Gleann Cholm Cille

Gleann Cholm Cille © Benny Lewis

Gleann Cholm Cille is a beautiful valley in the west of Donegal. This Irish-speaking area has a strong traditional link with Colmcille - the glen is named after him - and the saint is still commemorated during the annual turas or pilgrimage which takes place here.

In Gleann Cholm Cille, the Slí Cholmcille follows the route of the Turas Cholmcille. The turas - translated as the journey - is part of a strong Christian pilgrimage tradition in Ireland.

The turas links a number of ancient stones some of which date back to 3000BC. The standing stones which form the core of the turas probably date from 500-700AD.

The link between Colmcille and Gleann Cholm Cille dates back to the 'Life of Colum Cille' commissioned by Manus O’Donnell, a leading political figure in the north-west of Ireland in the 16th century. Completed in 1532, the book draws together accounts of the saint’s life and traditions associated with him. Local tradition says that Colmcille lived here for two years before he left Ireland to found his monastery in Iona.

The Turas Cholmcille is performed between the eve of 9th June - the saint’s feast day - and 15th August – feast of the Assumption, a major festival in Irish folklife. Many people perform the turas on more than one occasion - some following it two or three times in the first 24 hours.

Getting There

Gleann Cholm Cille is in west Donegal. From Donegal Town, follow the N56 west towards Killybegs. At Killybegs take the R263 towards Gleann Cholm Cille. The Slí Cholmcille starts at the Church of Ireland which sits in the middle of the valley.

There are maps, guides and booklets explaining the locations on the turas. A brief summary is available here. Further information is available from the Oideas Gael website.

  • Kilmory Knap Chapel carved graveslabs

    1.1 Straid Court Tomb

    This is the ruined remains of a burial tomb dating from about 3,000BC. It was made and used by farmers who lived in Gleann Cholm Cille. It is pre-Christian but has been incorporated into the Turas Cholmcille pilgrimage trail around the glen.

  • Kilmory Knap Chapel carved graveslabs

    1.2 Cross Pillar

    This cross is almost 2 meters tall and is decorated with carved designs on both sides. It is a Christian monument probably made around 700-800AD.

  • Kilmory Knap Chapel carved graveslabs

    1.3 Garvecross Cairn

    Áit na nGlún - The Place of the Knees - is a cairn. To the side there is a flat stone slab with a round stone on top. After circling the cairn, pilgrims pass this smaller stone around their bodies as they pray.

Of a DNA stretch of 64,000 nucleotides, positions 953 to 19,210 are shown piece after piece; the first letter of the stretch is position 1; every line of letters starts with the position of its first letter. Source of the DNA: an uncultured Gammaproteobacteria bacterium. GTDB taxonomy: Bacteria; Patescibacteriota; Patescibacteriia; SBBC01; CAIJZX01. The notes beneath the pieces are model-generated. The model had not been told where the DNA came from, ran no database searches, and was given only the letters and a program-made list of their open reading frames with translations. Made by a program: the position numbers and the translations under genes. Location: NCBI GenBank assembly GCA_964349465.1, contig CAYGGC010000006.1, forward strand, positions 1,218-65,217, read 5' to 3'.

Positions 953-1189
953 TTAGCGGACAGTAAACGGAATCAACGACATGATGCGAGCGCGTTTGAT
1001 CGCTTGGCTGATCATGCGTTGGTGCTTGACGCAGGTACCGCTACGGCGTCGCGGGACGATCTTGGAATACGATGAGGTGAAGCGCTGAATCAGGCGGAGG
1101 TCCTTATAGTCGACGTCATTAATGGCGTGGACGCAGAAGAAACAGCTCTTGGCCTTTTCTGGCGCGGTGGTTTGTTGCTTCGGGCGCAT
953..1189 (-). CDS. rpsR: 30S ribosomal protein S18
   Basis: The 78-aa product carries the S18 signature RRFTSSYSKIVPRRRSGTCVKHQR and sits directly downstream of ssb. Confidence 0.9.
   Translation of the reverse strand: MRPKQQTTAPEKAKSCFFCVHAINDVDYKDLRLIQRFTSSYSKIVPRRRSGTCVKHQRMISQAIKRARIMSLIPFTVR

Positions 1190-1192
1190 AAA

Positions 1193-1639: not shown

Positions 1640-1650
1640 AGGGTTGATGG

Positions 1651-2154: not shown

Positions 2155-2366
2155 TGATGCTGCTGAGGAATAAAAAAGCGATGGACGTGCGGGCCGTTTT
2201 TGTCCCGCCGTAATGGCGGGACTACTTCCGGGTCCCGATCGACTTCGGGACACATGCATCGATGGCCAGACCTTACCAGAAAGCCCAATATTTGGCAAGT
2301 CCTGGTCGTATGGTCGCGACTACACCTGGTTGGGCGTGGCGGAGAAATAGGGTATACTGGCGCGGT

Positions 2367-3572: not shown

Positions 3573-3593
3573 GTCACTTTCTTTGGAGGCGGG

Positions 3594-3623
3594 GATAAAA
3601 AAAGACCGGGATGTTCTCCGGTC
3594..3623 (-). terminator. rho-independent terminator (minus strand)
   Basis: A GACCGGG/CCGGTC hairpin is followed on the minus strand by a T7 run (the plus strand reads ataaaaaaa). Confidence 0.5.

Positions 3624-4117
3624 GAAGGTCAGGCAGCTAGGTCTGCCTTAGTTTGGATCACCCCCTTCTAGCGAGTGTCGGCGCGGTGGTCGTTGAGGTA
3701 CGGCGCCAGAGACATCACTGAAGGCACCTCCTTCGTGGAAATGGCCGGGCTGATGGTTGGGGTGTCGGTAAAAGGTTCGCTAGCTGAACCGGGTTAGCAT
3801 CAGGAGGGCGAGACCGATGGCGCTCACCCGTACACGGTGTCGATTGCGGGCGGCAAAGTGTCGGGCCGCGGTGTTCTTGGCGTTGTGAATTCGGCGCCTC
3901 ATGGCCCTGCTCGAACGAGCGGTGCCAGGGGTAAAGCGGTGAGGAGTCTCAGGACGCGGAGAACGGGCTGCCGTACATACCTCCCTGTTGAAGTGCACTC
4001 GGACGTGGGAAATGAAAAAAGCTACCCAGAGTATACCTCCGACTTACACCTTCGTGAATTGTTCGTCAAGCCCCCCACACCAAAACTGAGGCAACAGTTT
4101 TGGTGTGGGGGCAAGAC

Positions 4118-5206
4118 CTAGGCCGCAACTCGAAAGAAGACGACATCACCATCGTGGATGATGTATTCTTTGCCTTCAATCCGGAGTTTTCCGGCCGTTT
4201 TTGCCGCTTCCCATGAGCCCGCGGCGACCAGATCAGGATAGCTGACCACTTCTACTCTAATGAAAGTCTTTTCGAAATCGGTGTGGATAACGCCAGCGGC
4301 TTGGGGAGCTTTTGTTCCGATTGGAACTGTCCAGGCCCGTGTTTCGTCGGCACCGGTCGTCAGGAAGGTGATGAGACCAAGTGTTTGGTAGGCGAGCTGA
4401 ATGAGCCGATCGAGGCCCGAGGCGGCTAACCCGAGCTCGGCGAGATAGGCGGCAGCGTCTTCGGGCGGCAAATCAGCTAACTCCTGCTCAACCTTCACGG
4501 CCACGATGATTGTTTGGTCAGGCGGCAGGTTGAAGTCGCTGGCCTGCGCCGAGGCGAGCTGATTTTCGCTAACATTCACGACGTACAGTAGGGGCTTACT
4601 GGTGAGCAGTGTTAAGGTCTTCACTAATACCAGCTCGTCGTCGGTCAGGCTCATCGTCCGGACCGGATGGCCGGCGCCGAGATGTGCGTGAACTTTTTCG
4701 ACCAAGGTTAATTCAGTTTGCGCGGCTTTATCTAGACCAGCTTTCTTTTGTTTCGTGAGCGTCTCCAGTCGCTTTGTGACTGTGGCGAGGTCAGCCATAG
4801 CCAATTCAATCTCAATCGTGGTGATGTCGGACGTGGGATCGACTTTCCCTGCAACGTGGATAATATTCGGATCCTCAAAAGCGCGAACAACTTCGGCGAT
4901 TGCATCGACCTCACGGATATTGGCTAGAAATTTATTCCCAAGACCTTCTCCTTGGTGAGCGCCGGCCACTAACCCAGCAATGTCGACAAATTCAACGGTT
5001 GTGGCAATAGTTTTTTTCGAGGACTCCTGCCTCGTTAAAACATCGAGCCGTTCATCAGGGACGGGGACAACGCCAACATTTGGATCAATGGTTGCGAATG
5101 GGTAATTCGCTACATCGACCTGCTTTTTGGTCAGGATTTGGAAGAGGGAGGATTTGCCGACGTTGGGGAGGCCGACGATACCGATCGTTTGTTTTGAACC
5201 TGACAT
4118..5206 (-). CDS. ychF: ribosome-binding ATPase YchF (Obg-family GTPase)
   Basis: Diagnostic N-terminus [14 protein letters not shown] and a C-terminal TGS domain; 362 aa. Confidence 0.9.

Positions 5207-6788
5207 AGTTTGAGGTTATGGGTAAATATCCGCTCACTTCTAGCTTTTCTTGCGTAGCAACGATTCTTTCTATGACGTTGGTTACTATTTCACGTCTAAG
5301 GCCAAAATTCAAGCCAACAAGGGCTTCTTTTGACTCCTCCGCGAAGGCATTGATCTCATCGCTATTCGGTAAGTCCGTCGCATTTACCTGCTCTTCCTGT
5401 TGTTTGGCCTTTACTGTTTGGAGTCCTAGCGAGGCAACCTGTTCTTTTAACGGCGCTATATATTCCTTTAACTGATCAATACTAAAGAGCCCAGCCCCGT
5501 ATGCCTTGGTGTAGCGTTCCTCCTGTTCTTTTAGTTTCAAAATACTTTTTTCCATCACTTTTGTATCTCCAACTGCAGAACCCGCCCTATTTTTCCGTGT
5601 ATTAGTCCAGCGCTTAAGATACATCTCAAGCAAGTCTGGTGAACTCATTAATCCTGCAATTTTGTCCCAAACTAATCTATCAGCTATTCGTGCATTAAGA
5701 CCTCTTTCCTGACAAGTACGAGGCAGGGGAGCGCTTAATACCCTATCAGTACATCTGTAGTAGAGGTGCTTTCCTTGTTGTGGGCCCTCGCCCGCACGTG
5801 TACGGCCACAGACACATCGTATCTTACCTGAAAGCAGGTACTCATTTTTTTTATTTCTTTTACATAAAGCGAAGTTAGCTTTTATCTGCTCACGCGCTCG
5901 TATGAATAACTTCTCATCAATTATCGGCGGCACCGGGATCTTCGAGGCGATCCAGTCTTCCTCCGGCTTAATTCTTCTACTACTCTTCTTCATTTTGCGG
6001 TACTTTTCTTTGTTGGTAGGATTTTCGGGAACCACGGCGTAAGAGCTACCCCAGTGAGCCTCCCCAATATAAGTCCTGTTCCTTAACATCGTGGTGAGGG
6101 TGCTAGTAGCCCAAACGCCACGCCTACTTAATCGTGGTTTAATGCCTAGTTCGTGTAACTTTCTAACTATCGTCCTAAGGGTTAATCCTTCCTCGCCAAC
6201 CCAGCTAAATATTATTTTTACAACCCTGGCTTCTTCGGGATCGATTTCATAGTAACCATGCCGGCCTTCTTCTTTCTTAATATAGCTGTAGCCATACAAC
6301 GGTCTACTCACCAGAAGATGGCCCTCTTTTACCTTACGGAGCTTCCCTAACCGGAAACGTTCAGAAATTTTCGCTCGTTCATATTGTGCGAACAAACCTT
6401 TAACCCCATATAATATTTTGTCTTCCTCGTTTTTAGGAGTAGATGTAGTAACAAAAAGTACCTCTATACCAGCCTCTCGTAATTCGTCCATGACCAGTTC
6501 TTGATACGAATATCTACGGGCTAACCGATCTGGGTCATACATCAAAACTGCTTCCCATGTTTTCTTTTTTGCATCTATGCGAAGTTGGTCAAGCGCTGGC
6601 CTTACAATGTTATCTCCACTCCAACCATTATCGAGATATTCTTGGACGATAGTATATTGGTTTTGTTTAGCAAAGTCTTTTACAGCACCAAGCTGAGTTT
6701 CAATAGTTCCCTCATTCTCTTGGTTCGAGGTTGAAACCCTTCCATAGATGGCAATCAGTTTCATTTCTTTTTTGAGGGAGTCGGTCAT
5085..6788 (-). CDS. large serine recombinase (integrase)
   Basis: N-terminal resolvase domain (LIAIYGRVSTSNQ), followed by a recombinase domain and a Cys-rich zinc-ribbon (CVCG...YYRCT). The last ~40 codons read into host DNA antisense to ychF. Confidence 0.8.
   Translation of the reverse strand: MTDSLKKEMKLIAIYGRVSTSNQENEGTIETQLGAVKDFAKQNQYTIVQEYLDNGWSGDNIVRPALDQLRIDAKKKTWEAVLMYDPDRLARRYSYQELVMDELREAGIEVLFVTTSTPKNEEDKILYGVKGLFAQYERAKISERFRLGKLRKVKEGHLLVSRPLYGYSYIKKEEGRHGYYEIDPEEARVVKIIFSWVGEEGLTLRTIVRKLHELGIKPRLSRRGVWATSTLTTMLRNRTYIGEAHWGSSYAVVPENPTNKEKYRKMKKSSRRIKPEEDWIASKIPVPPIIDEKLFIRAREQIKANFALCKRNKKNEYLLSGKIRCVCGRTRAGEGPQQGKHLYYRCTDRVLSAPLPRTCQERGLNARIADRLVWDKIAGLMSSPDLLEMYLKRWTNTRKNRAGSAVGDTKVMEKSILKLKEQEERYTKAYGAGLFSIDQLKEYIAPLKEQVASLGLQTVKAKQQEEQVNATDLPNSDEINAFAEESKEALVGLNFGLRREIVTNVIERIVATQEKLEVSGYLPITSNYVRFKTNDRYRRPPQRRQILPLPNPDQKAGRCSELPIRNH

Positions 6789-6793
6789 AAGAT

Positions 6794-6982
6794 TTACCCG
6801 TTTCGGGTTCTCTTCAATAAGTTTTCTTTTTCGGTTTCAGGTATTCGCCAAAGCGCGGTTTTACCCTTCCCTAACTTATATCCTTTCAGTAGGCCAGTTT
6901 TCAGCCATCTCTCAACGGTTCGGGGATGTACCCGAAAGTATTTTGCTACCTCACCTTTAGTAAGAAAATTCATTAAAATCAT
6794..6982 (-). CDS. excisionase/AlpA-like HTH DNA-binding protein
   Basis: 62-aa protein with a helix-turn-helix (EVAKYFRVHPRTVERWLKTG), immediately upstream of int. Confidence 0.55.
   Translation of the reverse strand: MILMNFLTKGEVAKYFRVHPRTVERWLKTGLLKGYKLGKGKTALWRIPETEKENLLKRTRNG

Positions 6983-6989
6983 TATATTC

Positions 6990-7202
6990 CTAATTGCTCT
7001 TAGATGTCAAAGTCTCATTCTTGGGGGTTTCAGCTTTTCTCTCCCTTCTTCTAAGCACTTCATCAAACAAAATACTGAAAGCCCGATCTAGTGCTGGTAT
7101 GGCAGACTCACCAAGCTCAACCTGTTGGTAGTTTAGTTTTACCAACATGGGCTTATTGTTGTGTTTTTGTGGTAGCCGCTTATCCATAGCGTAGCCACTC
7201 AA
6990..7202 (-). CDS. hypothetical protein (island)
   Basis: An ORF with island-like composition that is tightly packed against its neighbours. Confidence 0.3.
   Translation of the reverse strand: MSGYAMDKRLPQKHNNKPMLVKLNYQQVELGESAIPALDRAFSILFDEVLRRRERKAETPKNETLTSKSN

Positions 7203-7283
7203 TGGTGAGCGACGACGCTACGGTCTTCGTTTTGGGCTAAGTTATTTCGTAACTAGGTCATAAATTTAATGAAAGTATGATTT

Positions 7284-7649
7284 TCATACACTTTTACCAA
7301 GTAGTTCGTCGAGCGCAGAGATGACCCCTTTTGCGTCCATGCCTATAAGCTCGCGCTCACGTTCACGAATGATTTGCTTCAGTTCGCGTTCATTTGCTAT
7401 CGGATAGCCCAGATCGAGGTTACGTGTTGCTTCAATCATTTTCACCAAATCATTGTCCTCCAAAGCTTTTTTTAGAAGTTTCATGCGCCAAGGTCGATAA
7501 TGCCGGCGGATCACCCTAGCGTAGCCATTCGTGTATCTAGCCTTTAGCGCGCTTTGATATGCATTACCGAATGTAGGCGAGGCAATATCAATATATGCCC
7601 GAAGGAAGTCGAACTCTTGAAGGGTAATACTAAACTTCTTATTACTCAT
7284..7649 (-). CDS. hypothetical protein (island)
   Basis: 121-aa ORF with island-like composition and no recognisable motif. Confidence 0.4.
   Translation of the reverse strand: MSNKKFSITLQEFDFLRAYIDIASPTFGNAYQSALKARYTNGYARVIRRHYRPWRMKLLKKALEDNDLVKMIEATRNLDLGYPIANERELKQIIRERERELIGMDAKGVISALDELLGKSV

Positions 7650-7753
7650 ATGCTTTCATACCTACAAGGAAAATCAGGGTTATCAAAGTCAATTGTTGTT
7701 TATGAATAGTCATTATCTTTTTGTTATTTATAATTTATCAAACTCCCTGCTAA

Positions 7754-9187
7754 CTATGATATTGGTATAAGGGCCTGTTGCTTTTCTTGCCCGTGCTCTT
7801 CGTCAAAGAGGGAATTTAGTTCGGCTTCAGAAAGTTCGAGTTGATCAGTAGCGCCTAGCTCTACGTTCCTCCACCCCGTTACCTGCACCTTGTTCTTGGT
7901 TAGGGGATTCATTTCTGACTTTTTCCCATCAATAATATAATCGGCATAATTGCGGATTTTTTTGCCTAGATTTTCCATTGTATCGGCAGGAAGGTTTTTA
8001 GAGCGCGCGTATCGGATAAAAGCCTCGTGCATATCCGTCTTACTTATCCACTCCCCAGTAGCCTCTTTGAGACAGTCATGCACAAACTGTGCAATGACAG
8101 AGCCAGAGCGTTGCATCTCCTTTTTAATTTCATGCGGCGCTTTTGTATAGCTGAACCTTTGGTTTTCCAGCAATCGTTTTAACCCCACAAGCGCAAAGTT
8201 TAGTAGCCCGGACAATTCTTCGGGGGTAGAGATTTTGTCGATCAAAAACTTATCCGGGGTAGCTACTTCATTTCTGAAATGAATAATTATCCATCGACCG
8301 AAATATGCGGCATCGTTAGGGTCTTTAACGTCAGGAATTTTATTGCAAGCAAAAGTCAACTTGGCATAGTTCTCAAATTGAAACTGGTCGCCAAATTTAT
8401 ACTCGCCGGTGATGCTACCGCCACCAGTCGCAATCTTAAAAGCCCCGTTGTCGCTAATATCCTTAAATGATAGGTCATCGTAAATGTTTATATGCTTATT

• Kilmory Knap Chapel carved graveslabs

    1.4 Cross Pillar, Beefan

    Mullach na Croise - Height of the Cross - is a stone pillar carved with the feint outline of a cross. It stands in the centre of a cairn. The cairn and cross are found within the remains of a circular enclosure.

  • Kilmory Knap Chapel carved graveslabs

    1.5 Colmcille's Chapel, Beefan

    According to local tradition, this is the site of Colmcille’s chapel in Gleann Cholm Cille where the saint prayed and worked on illuminated manuscripts. There are also three stone slabs with Christian carvings.

  • Kilmory Knap Chapel carved graveslabs

    1.6 Colmcille’s Chair

    Legend has it that this is where Colmcille sat to rest, looking down at the valley below him. Some claim that a wish made here will come true.

  • Kilmory Knap Chapel carved graveslabs

    1.7 Colmcille’s Well

    Tobar Colm Cille - Colmcille’s Well - is surrounded by a large stone cairn.

  • Kilmory Knap Chapel carved graveslabs

    1.8 Colmcille’s Garden

    Garraí an Turais - the turas field - is also known as Colmcille’s Garden. The area contains a set of three upright stones, two of which are carved with a simple cross. Each stone is surrounded by a cairn and all are enclosed by a stone wall.

  • Kilmory Knap Chapel carved graveslabs

    1.9 Cloch an Aonaigh

    The Stone of the Gathering - Cloch na Aonaigh - is nearly 2 meters tall and faces pilgrims as they arrive across the valley floor. The stone is carved on both sides with circular and linear patterns.

  • Kilmory Knap Chapel carved graveslabs

    1.10 An Fhothair

    This turas station is a cairn with an upright stone slab standing at its centre. The cairn lies in the middle of field. The stone faces east/west and there are views down to the Church of Ireland church.

  • Kilmory Knap Chapel carved graveslabs

    1.11 An Droim Rua

    Turas station 11 is an upright stone in a cairn. The stations at this point of the turas are near each other on either side of the road. It may be that the current road follows the line of an ancient pilgrimage route.

  • Kilmory Knap Chapel carved graveslabs

    1.12 Baile na nDeamhan

    This stone is decorated on both sides with interlocking patterns. The Baile na nDeamhan - village of the demons - is where Colmcille is said to have been attacked by demons.

  • Kilmory Knap Chapel carved graveslabs

    1.13 An Gaineamh

    This stone stands right beside the road. The original was damaged and a fibreglass replica made from the original pieces. It is carved only on one side and faces east/west.

  • Kilmory Knap Chapel carved graveslabs

    1.14 An Caiseal

    This is a tall pillar carved with two circular patterns. Like many of the Christian cross slabs in Gleann Cholm Cille, this may date from the late 7th to 9th century.

  • Kilmory Knap Chapel carved graveslabs

    1.15 An tSráid

    This cross slab is now in two parts with the upper part sitting on the ground to the left of the lower part. It is carved with three complex patterns, linked by a vertical line.